ReBoot ReTurns
May 30, 2008 10:28 AM   Subscribe

ReBoot's back! A new online comic book is now available*, and three feature-length films are in development. Remarkably, the comic was developed as a combined effort between producers and fans; fans voted on five different stories and even contributed art. ReBoot was one of the first TV shows to feature 100% digital animation and has a warm place in the hearts of many children of the 90s.
* sign-up required and their web-viewer is a pain, be warned.
posted by PercussivePaul (28 comments total) 7 users marked this as a favorite
I think someone is missing the shtick of ReBoot. Why the hell are the characters being hand drawn like characters from a Marvel comic. Shouldn't they all just be 3D renders? You know, so they look like the TV show. That just seems almost as stupid to me as trying to make a live action version of ReBoot.
posted by MrBobaFett at 10:44 AM on May 30, 2008

Wow I forgot how much I hated that show. Canadian Content laws indeed.

Okay so it's not a WARM place in my heart. More like a thorn.
posted by rokusan at 10:46 AM on May 30, 2008

Reboot, like so many things I once liked, went downhill. The original had a cartoony innocence. Then cane "Reboot Reloaded" or whatever and it got all... I dunno. sexed up or something. Each time a concept like this returns it's like exhuming the body of your wife for "once more night of love". It's not cool. It's horrible.

Please go create something new instead.
posted by GuyZero at 11:16 AM on May 30, 2008 [3 favorites]

Each time a concept like this returns it's like exhuming the body of your wife for "once more night of love".

I got that vibe, as well. The series ended in 2001. Enough already.
posted by MissNefertiti at 11:31 AM on May 30, 2008

That's quite a...vivid simile.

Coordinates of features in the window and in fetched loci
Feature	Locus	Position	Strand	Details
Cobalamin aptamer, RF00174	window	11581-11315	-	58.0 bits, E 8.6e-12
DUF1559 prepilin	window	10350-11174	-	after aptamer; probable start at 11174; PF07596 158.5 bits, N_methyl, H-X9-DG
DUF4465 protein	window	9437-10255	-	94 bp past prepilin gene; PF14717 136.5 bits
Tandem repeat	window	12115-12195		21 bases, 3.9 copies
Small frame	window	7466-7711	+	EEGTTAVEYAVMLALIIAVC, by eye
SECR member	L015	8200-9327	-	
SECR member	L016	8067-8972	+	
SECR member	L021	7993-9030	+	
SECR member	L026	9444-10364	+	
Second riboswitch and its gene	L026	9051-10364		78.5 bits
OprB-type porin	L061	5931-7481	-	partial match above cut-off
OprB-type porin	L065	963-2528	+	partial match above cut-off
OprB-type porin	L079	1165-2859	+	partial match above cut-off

posted by DU at 11:42 AM on May 30, 2008

Also, I cannot type. Geez. "One more night of love". "Then came...".

And is there ever a bad time for a necrophilia simile?
posted by GuyZero at 11:52 AM on May 30, 2008

This could have been cool... I loved that show, and was apparently not exposed to the poison of Reboot Reloaded, as I've never heard of that. But seriously, what's up with the drawn look? That was the whole point! They were game sprites! Did the creators of the show not see their own show? Or ask any kids about it? And these "fans" who contributed didn't think anything about the generic (new) nickelodian style?
I call shenanigans on this whole thing. This one isn't being made by 90's cartoon pioneers with newfound creative control, it's being made by the studio. John K. is foaming at the mouth right now. I mean more than usual.

No, sir. I don't like it.
posted by cmoj at 12:16 PM on May 30, 2008

Oh wow I loved that show (and I've never heard of Reboot Reloaded). I for one will be paying my £8 to see that first film.
posted by cardamine at 12:29 PM on May 30, 2008

No good can come of paying close attention to fans.
posted by Artw at 12:32 PM on May 30, 2008

Man, I remember that show. I also remember being so whacked-out on sleep deprivation* once that I thought a newspaper box on the corner was Dot.

She was hot, for a robot chick.

* seriously. No sleep for like, 50 hours. Without any chemical help.
posted by dirtynumbangelboy at 12:49 PM on May 30, 2008

Reboot occupies the same place as Cornation Street in my mind, very good viewing for an immobilizing hangover. Less interesting the rest of the time...
posted by Deep Dish at 1:00 PM on May 30, 2008

Oh come on, the Thunderbirds epsiode is like one of the most awesome things ever!
posted by Artw at 1:02 PM on May 30, 2008

I remember the clever episode about the paint program. Loved it. Haven't seen the show since it went dormant (never saw the Reloaded version), but I suspect it wouldn't hold up as well as I remember. But for the time it was quite good.
posted by Guy_Inamonkeysuit at 1:12 PM on May 30, 2008

I liked Reboot, too, but its gimmick was to work in a parody of a popular computer game. When game concepts were still new (as was the fully rendered animation) this was fun. Later, Reboot developed a lengthy plotline where several characters become lost in the Web and have to find their way home just in time to take part in the final apocalyptic showdown with Megabyte (a personification of the evil forces that want your computer to crash). This plotline is what GuyZero calls "Reloaded". He's saying that it was as lame as the Matrix sequels. I beg to differ. ("Matrix" was Dot and Enzo's last name, incidentally, two years before the Wachowskis used it.) The new story kept Reboot from Formula Hell (where it was headed) and, anyway, computer gaming had lost its freshness by then. And I liked the series' ending, too.